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TIME TRAVEL: A sinking ship? The history and decline of cruises

From the beginning, cruise lines have tried to uphold their reputation as a glamorous and ideal holiday choice. However, over the years, this image has been shattered by various scandals. After years of reported dodgy activity and their messy handling of the Covid-19 pandemic, can the cruise industry stop its reputation from sinking even further?

From 1844, customer pleasure and experience were focused on instead of fast efficient journeys, setting early cruise ships apart from other forms of travel. When the British Medical Journal later told the public that sea voyages have curative purposes, the popularity of pleasure cruises soared. In the early 1900s, when Germany was developing brand new super ships, cruises were able to provide a higher level of comfort to those who could afford them, for a transatlantic crossing.

The rising popularity of cruise lines came to a halt in 1912 with the sinking of the Titanic. All over the world, communities had lost loved ones to the tragedy and the memory of the disaster was etched into the minds of the public, causing a downfall in the popularity of passenger ships. The White Star Line, the company behind Titanic, found itself in devastation. 

Despite a seemingly ruined reputation, it did not take much for the industry to bounce back. They used advertising to promote the glamour and comfort of cruise ships. Strict, new regulations were put in place. Ships were now required to carry enough lifeboats for every single passenger and an international ice-patrol was established, to avoid a repeat of the Titanic tragedy. The public’s trust in cruise ships was reformed.

Despite surviving two major setbacks in the past, the industry once again finds itself in hot water

However, as they sailed into the late 1950s, air travel was gaining popularity. The transatlantic crossings by cruise ship, which had become so popular, were being replaced by the faster and smoother aircraft. This resulted in a shift within the cruise ship industry and a move towards the modern cruise ships we know today. Cruises began to offer a larger selection of luxuries and amenities, with a focus on passenger entertainment. With pools, musical acts, and luxury rooms, cruise ships now offered so much more than just high-end dining and a journey across the Atlantic.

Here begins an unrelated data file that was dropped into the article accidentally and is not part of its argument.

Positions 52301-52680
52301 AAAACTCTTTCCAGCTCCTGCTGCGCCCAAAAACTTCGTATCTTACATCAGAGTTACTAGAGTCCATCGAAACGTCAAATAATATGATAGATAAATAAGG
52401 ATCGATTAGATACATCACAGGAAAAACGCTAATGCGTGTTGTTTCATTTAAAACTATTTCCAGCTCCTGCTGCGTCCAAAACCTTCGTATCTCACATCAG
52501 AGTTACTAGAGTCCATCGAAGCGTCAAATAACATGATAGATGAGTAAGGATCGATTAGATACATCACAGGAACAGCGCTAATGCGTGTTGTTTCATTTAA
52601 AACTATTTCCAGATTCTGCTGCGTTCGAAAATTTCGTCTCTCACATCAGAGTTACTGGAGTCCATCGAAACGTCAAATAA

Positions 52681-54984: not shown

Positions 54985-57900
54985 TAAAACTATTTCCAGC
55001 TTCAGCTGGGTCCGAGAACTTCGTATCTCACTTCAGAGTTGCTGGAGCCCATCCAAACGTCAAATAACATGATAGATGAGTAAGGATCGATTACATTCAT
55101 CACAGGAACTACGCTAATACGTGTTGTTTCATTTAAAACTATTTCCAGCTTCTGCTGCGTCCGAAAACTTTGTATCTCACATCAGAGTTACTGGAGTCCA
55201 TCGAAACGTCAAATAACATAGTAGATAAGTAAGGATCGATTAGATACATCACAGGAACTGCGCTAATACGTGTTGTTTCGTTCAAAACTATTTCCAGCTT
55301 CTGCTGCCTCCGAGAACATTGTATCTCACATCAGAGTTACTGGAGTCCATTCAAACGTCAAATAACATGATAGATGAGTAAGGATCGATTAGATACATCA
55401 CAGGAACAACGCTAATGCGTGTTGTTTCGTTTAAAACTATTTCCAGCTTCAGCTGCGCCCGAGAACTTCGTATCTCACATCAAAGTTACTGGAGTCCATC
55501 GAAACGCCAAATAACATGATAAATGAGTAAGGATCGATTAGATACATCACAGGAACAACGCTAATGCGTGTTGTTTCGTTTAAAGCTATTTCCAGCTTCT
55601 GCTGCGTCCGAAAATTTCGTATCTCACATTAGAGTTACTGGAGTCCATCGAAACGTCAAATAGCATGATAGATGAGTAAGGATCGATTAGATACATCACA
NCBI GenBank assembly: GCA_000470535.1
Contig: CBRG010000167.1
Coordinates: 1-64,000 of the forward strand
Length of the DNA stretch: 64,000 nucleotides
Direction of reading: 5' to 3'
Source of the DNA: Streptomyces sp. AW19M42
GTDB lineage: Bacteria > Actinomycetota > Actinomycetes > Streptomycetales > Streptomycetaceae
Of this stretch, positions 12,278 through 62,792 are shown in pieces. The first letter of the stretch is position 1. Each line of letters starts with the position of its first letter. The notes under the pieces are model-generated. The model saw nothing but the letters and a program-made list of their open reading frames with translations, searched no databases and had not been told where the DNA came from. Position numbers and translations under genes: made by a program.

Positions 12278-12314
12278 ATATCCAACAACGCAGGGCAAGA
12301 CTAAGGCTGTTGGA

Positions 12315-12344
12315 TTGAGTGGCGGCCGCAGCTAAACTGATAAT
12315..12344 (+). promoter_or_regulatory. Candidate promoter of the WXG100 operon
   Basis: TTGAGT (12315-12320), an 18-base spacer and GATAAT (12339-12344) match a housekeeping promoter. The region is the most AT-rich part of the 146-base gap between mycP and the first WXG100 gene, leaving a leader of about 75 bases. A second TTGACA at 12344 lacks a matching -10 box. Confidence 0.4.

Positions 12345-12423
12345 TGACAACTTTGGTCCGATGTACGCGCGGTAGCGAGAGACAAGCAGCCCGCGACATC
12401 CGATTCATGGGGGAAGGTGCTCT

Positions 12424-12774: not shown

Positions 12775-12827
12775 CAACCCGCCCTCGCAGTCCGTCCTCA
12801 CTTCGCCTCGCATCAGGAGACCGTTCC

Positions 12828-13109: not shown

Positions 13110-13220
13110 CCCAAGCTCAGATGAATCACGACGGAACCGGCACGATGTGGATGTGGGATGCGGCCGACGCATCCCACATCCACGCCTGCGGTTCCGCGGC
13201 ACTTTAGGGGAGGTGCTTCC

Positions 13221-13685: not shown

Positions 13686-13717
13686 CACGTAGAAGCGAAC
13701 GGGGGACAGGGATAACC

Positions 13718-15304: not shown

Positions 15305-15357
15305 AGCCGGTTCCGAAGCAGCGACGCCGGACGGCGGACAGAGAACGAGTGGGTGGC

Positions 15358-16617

This move saved the industry by differentiating it from other modes of travel and catering to the desires of the wealthy passengers, who wanted to travel the world in a comfortable, luxurious environment.

Despite surviving two major setbacks in the past, the industry once again finds itself in hot water. After a passenger on the luxury cruise ship, The Princess Diamond, contracted Covid-19, all crew and passengers went into a 14-day quarantine. Having arrived on board with expectations of an unforgettable experience, passengers were now confined to their rooms. Ultimately, 700 people on the ship contracted the virus and eight of them died as a result.

Could these tragedies have been avoided had the company handled the pandemic more effectively?

The Covid-19 pandemic has highlighted other problematic aspects of the cruise industry, particularly class inequalities, demonstrated by their treatment of crew members.

The prioritisation of the safety of the wealthy by cruise lines has been seen throughout history

Cruise lines register their ships in countries with loose labour laws, therefore cruise employees are forced to work difficult jobs with long hours. With the most underpaid jobs in the worst conditions often being given to those from lower-income countries meant during the pandemic, these workers required their jobs to continue earning for themselves and their families. Therefore, they had no choice but to work in dangerous situations that made them vulnerable to contracting the virus. While the passengers quarantined, crew had to continue delivering food to passengers and keeping the ship clean. 

The prioritisation of the safety of the wealthy by cruise lines has been seen throughout history. When the Titanic sank, first class passengers were 40% more likely to survive than those in third class. 

A cruise is a large social gathering, exactly the thing we are currently being told to avoid, therefore it is easy to see how the virus thrived under these conditions. However, The Princess Diamond, and other ships in similar situations were unprepared to deal with a pandemic, and their sloppy strategy put crew and passengers at risk.

Other dodgy activity of cruises is becoming more and more prevalent. Workers report high rates of sexual assault, crime, and frequent occurrences of people going missing. As a result, many people are now avoiding cruises, but has their popularity really reached its end point?

Having survived a sunken ship in 1912 and an overtaking industry in the 1950s, it is not certain that these failings are the end for the cruise ship industry. However, we are becoming more aware of the problems within the industry and for many, their handling of Covid-19 has terminated their trust in cruise lines.


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